By: Richard Louv
“I like to play indoors better ’cause that’s where all the electrical outlets are,” reports a fourth grader. But it’s not only computers, television, and video games that are keeping kids inside. It’s also their parents’ fears of traffic, strangers, Lyme disease, and West Nile virus; their schools’ emphasis on more and more homework; their structured schedules; and their lack of access to natural areas. Local governments, neighborhood associations, and even organizations devoted to the outdoors are placing legal and regulatory constraints on many wild spaces, sometimes making natural play a crime.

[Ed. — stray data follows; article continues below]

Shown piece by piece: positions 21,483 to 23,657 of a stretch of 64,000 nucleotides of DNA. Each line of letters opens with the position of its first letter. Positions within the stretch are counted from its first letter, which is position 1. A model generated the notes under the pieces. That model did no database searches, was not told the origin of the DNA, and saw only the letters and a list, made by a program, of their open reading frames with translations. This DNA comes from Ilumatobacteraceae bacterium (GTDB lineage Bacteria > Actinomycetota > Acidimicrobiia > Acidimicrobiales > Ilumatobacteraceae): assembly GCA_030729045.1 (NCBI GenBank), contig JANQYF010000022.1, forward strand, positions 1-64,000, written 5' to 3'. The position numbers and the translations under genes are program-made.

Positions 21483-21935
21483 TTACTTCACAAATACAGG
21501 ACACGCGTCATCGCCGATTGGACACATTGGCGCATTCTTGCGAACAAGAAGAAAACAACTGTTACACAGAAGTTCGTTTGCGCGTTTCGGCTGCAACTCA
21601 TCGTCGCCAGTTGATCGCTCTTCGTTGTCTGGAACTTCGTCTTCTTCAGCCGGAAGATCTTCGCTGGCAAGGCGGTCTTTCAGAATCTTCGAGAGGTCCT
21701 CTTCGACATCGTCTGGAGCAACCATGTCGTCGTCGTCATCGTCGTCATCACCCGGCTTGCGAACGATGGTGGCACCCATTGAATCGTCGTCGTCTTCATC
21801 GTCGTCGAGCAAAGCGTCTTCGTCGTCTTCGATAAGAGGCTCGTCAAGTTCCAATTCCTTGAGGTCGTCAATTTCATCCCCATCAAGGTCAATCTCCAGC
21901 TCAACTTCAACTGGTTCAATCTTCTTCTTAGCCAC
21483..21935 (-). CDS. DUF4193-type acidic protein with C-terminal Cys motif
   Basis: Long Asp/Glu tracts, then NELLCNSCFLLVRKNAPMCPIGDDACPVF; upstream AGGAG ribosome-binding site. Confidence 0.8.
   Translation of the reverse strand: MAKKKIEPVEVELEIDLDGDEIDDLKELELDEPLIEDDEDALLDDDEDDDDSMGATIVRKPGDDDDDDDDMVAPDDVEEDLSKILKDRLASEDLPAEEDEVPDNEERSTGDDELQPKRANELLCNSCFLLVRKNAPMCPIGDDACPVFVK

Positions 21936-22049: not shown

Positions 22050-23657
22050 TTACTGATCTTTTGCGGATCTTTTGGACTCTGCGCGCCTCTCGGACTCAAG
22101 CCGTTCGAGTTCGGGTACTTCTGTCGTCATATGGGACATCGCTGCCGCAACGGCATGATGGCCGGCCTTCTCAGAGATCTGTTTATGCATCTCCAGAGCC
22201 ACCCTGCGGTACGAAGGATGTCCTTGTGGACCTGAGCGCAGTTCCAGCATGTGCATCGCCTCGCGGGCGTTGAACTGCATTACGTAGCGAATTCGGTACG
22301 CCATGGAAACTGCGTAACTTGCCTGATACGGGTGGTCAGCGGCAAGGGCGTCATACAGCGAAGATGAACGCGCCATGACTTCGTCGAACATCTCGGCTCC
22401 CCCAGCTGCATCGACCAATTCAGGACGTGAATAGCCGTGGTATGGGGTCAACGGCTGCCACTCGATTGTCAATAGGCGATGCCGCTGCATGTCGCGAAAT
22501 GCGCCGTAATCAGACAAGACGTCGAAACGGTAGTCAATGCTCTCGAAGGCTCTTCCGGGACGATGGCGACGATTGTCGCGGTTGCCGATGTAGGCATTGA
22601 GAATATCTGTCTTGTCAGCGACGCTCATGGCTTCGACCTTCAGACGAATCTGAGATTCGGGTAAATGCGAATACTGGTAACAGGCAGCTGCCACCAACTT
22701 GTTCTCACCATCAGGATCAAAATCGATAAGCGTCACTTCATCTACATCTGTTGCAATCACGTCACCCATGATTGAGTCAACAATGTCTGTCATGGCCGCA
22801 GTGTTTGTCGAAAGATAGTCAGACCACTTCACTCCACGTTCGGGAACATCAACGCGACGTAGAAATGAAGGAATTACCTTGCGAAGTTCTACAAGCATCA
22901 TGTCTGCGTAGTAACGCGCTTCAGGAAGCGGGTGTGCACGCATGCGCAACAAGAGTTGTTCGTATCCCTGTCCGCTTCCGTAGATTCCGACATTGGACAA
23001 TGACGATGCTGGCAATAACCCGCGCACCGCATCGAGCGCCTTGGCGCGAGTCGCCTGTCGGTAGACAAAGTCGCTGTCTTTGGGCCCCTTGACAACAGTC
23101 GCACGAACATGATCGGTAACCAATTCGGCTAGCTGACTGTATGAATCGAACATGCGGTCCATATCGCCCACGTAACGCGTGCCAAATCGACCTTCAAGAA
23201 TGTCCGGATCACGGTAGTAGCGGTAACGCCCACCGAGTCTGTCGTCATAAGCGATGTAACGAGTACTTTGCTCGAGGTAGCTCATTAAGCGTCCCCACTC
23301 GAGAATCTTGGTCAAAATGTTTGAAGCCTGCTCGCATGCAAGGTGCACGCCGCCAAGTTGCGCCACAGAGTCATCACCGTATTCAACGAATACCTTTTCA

As children’s connections to nature diminish and the social, psychological, and spiritual implications become apparent, new research shows that nature can offer powerful therapy for such maladies as depression, obesity, and attention deficit disorder.
Groundbreaking books by Let Grow’s thought leaders and others are changing the way America thinks about, educates and raises its kids. They all make the case that today’s kids are safer, smarter and stronger than the culture gives them credit for — and that more independence is crucial, not crazy.
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